The general reader and the public only know fashion photography in terms of its use by the specialist magazines and the big names in its history. Photographs of fashion shows and videos made of collections are mostly looked down on or ignored outright, and are not given the same prominence with respect to quality and quantity of exposure.
But there is other material – look books and collection catalogues, for example – that also remains unknown to the public. Look books appear in limited editions for professionals: they provide a pictorial account of the garments making up a show and are consulted by journalists and buyers. Although only a brochure of varying degrees of complexity, the look book reflects in its presentation and layout the artistic line of the fashion house in question. Its life expectancy is that of the season’s collection. The collection catalogue, by contrast, is more sophisticated: not intended as a mere inventory like the look book, it exists to present the latest batch of garments as seen by a specific photographer. In this respect it is more closely related to magazine material, with the only real difference being the packaging: sometimes these are expensive, extremely stylish publications distributed to carefully filtered clients and journalists.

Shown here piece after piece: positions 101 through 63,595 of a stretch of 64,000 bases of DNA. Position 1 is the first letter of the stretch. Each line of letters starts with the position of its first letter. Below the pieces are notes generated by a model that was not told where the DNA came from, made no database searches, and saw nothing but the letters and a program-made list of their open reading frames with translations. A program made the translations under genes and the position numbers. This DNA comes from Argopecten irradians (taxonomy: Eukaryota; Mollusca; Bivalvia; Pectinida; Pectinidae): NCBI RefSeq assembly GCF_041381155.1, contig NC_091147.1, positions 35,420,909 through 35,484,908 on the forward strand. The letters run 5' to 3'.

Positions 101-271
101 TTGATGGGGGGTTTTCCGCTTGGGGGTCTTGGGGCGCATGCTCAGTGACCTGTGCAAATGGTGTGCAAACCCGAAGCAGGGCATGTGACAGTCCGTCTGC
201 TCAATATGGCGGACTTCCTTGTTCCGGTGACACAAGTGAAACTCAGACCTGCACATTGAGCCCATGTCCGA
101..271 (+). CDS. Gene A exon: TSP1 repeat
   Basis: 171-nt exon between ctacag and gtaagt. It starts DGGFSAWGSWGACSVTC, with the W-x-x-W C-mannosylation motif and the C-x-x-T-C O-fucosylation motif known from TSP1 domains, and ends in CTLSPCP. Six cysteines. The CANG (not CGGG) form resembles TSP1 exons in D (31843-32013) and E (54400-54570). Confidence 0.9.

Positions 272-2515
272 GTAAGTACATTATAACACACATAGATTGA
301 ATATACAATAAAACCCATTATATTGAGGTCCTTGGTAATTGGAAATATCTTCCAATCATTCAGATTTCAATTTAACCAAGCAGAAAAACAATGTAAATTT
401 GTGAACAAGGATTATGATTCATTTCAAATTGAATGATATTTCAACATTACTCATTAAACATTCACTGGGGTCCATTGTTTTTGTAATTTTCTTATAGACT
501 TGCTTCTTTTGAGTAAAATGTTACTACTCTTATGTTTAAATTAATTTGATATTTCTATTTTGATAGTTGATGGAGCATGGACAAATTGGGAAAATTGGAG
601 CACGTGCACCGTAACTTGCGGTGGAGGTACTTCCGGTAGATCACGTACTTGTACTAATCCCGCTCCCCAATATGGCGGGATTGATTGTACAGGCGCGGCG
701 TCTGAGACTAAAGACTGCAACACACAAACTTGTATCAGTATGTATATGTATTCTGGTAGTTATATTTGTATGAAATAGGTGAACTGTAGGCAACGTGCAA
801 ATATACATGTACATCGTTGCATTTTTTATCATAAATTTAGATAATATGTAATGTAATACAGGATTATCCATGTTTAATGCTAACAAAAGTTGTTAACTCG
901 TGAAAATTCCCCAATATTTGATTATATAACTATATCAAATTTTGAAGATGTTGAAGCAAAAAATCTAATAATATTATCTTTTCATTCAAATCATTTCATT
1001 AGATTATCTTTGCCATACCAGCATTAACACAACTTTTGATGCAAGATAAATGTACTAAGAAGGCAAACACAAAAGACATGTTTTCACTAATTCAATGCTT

A past master of the collection catalogue – he launched his own in the 80s with art director Marc Ascoli – Yohji Yamamoto brings absolute meticulousness to the genre. With photography by Nick Knight, David Sims, Paolo Roversi and later Ines van Lamsweerde, all the catalogues are on show here and demonstrate just how elegant the fit can be between clothes and pictures of clothes.
The scrupulously regular Comme des Garçons catalogues are no less radical and quintessential, and are accompanied by the magazine Six, first published by Rei Kawakubo in the 80s as backup to her collections. In Six, however, the clothes are sometimes – often, even – absent from the photographs supposedly promoting them, with the emphasis more on an underlying aesthetic philosophy.
The same agenda finds expression in the state-of-the-art material released in her sales outlets to state the theme and tone of the coming collection: all kinds of images and works of art, marked by total precision and distinctiveness.
Martin Margiela’s catalogues, by contrast, resort to a systematic vocabulary not unlike that of police mug shots or the purely factual photos used for clothing model registration in the early 20th century. With their white cloth binding they are also reminiscent of the inventory approaches of traditional museums.
Aimed at the happy few and/or the professionals, look books and collection catalogues are a vital part of getting the creator’s image across. The exhibition devoted to them will also draw on the output of a new generation of designers including Anne Valérie Hash, Charles Anastase and Bernard Wilhelm.
Olivier Saillard, exhibition curator.